Winemaking is just as much about the people that make the product as it is the grapes used.
Molly’s advice for someone trying to get into the wine industry is to ask yourself how you can make Napa Valley better, not what Napa Valley can do for you.
How many years have you been in the Napa Valley wine industry?
How did you get started in the wine business?
I took a quarter off from UC Davis to work harvest at Beringer Winery with Ed Sbragia, Peter Heitz and Aaron Pott.
Name a Napa Valley vintner who has influenced you and briefly explain why.
I’ve been lucky enough to be influenced by Ed Sbragia, Herb and Jennifer Lamb and Mike Trujillo. They have taught me that winemaking is just as much about the people that make the product as it is the grapes used, that socializing is good business and working hard is essential.
What are the most rewarding aspects of your work?
To make something that you can hold in your hand, something that will bring people together and give pleasure, something that can be talked about for years to come is extremely rewarding.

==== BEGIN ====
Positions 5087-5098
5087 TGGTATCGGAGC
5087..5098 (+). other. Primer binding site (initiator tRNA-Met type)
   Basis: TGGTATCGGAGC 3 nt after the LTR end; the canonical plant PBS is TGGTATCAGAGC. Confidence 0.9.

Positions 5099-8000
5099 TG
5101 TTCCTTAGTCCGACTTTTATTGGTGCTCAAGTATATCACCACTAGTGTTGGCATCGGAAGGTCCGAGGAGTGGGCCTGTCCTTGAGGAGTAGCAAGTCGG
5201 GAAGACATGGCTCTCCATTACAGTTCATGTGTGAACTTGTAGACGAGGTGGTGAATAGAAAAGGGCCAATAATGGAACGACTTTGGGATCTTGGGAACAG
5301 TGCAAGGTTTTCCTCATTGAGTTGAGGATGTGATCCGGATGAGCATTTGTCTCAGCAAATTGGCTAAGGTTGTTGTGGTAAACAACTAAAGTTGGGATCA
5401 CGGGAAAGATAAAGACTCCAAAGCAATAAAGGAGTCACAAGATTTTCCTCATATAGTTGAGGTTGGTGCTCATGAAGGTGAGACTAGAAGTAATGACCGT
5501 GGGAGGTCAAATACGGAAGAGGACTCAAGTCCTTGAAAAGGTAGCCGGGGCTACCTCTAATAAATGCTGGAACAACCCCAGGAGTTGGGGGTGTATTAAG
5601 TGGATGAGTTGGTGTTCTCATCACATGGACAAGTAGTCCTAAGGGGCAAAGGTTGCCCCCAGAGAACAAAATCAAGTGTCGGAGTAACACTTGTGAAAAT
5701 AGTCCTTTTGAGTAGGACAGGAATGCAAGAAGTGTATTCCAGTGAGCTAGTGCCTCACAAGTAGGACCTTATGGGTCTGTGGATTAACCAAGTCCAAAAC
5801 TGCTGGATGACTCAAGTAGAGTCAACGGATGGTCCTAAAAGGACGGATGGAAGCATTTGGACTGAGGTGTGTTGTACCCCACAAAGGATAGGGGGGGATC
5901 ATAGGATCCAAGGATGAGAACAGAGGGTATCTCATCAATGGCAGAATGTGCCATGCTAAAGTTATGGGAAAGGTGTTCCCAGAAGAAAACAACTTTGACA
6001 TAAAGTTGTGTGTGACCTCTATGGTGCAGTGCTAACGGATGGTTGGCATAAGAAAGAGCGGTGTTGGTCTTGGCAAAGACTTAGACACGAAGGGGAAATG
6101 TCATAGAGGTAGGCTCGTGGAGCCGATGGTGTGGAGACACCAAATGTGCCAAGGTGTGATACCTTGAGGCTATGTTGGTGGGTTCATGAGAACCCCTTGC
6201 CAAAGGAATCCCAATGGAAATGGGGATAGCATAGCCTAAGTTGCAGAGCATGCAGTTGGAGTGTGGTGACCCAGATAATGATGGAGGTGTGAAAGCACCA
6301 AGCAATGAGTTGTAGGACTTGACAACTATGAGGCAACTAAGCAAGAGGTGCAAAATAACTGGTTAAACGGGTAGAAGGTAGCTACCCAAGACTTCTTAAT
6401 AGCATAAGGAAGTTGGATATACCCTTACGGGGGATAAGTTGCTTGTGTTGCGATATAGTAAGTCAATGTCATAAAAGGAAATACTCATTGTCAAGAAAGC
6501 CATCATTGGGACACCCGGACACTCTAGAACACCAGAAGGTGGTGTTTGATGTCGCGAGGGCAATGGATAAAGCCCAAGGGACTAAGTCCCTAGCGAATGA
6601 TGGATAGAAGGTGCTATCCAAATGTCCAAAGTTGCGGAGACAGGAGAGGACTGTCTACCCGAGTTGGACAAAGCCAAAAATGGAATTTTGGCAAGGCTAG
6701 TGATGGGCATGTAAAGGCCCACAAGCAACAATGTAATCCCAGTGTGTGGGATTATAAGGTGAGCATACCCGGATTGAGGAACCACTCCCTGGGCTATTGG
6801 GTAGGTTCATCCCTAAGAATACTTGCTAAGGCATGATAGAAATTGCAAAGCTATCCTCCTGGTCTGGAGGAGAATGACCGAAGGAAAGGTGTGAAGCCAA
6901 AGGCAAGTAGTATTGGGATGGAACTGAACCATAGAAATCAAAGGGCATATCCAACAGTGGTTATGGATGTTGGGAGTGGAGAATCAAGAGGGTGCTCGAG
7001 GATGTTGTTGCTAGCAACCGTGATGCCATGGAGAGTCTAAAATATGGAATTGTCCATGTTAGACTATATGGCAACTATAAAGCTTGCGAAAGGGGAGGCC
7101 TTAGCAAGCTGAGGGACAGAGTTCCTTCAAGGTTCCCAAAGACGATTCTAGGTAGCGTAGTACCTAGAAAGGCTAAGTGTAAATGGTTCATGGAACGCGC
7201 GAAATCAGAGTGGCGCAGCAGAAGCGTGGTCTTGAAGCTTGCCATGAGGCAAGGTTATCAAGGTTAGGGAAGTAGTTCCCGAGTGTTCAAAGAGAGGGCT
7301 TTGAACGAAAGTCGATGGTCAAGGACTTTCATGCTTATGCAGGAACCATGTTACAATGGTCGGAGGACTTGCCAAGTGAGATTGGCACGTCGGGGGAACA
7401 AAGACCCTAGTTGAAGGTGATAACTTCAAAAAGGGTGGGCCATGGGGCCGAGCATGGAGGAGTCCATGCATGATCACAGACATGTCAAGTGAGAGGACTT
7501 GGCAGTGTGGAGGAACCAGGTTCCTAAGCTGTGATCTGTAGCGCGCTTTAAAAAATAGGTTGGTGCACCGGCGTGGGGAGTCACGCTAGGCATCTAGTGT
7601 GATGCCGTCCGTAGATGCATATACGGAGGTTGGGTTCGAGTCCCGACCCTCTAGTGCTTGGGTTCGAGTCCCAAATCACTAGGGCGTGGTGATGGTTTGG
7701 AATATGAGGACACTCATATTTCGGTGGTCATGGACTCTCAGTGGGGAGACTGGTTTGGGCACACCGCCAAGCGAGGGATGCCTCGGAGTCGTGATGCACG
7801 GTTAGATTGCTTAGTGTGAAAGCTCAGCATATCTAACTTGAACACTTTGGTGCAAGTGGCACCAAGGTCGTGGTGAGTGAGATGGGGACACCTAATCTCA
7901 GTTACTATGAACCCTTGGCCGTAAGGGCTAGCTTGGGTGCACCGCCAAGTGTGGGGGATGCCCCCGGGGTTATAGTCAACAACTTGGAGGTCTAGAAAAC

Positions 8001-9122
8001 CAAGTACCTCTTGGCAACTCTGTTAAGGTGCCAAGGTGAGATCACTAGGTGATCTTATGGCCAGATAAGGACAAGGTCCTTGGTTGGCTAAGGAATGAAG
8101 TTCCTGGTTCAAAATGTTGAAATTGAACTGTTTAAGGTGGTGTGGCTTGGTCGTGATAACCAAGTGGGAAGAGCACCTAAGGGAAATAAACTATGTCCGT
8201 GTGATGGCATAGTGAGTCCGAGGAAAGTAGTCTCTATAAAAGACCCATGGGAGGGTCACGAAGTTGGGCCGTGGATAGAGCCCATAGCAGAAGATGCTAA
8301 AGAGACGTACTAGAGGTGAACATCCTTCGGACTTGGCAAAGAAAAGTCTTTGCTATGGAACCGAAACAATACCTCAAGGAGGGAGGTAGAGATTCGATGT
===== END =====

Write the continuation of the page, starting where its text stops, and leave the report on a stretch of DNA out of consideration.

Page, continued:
What are the greatest challenges?
The wine industry is cyclical, meaning that different challenges are present depending on what part of the cycle we are in. Current challenges are finding quality Cabernet Sauvignon available for purchase or vineyard land for sale.
Our motto at the NVV is "cultivating excellence." What does this phrase mean to you and how do you cultivate excellence at your winery?
Cultivating excellence means inspiring every employee to do their best work at all times. We cultivate excellence by clearing stating our goals, then giving employees the tools and freedom they need to achieve them.
What are you doing at your winery to help preserve and enhance Napa Valley for the future? (e.g., sustainable practices, family succession plan, community service, etc.)
We just became a Napa Green certified winery. Our winery donates to local causes and we ensure that our company is successful so our employees can give their families a high quality of life.
If you weren't a Napa Valley vintner, what would you be doing?
If I wasn’t a winemaker I would be an architect.
What advice would you offer someone trying to get into the Napa Valley wine industry?
Ask yourself how you can make Napa Valley better, not what Napa Valley can do for you.
What's one thing people would be surprised to know about you?
I am fluent in Spanish and have traveled frequently in Mexico and Chile.